The attacks on Navalny’s allies have indeed continued. Photographer Pavel Zelensky was arrested with the Navalny Anti-Corruption Foundation on Friday and will be held until the end of February.
According to the Russian human rights organization Agora, Zelensky was accused of extremism due to tweets in September in which he blamed the government for the self-immolation of journalist Irina Slavina. Before committing suicide with her life, Slavina blamed Russian law enforcement authorities for their decision to sacrifice themselves.
Navalny’s opponents are ready for his comeback
Navalny was targeted by several puppet agitators. At least two pro-government extremist groups have hinted that they are gathering people to join the rally at Vnukovo airport before Sunday.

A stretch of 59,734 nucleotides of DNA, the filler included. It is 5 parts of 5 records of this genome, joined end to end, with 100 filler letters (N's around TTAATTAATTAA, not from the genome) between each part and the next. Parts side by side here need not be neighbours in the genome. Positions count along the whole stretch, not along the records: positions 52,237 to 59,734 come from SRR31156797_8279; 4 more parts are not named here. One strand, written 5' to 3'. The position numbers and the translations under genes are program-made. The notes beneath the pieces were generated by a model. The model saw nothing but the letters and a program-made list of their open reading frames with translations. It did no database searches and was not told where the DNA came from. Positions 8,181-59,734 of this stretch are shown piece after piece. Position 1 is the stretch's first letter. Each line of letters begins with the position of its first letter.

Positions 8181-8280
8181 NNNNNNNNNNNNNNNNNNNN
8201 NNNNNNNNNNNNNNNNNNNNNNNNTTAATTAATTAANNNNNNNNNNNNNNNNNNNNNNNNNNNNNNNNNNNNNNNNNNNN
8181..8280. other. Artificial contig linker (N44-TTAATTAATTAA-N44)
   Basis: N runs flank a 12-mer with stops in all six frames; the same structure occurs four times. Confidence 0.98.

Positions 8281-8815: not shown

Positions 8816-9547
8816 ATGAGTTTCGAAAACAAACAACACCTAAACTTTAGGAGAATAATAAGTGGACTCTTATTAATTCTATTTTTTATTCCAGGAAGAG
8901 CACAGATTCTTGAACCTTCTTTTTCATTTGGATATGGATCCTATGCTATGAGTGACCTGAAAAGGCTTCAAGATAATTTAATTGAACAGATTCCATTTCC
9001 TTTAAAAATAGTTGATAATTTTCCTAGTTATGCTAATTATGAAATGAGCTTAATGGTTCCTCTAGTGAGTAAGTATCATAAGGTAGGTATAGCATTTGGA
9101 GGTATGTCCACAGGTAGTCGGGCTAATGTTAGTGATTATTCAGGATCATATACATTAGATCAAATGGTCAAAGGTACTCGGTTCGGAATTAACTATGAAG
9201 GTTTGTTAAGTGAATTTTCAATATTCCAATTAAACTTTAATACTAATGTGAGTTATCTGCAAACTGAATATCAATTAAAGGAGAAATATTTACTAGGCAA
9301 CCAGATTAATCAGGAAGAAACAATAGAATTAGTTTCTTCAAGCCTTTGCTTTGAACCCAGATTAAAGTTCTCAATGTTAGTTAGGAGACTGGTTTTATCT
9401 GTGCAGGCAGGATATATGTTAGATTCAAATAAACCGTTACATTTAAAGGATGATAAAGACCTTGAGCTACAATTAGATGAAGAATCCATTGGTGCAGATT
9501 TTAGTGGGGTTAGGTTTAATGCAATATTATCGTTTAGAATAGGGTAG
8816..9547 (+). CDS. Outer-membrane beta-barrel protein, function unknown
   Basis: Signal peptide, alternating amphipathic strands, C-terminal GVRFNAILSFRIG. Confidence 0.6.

SERB – a notorious nationalist group that Navalny blamed for assaulting him with a green disinfectant in 2017 in which he nearly lost an eye – told Open Media they are planning to visit the airport because they “missed Navalny”.
Members of the Guard Zachar Prilibins, a movement with roots among separatists in Donbass in eastern Ukraine, said in an online forum that they intend to present a written warning to Navalny.
“If he attempts to undermine the constitutional order on his part, Zakhar Prilibin’s guards will demand his expulsion from the Russian Federation or his expulsion of his own accord,” the statement said.
Navalny’s future could also hinge on the Russian public’s reaction to his return and possible arrest. Until now, the Kremlin’s message about the poisoning has resonated with the Russians.
An independent poll by Levada, an independent pollster, showed in December that nearly half of Russians believed Navalny’s poisoning was either “deliberate” or a “provocation” by Western intelligence agencies.
CNN’s Angela Diwan and Claudia Otto contributed to this report.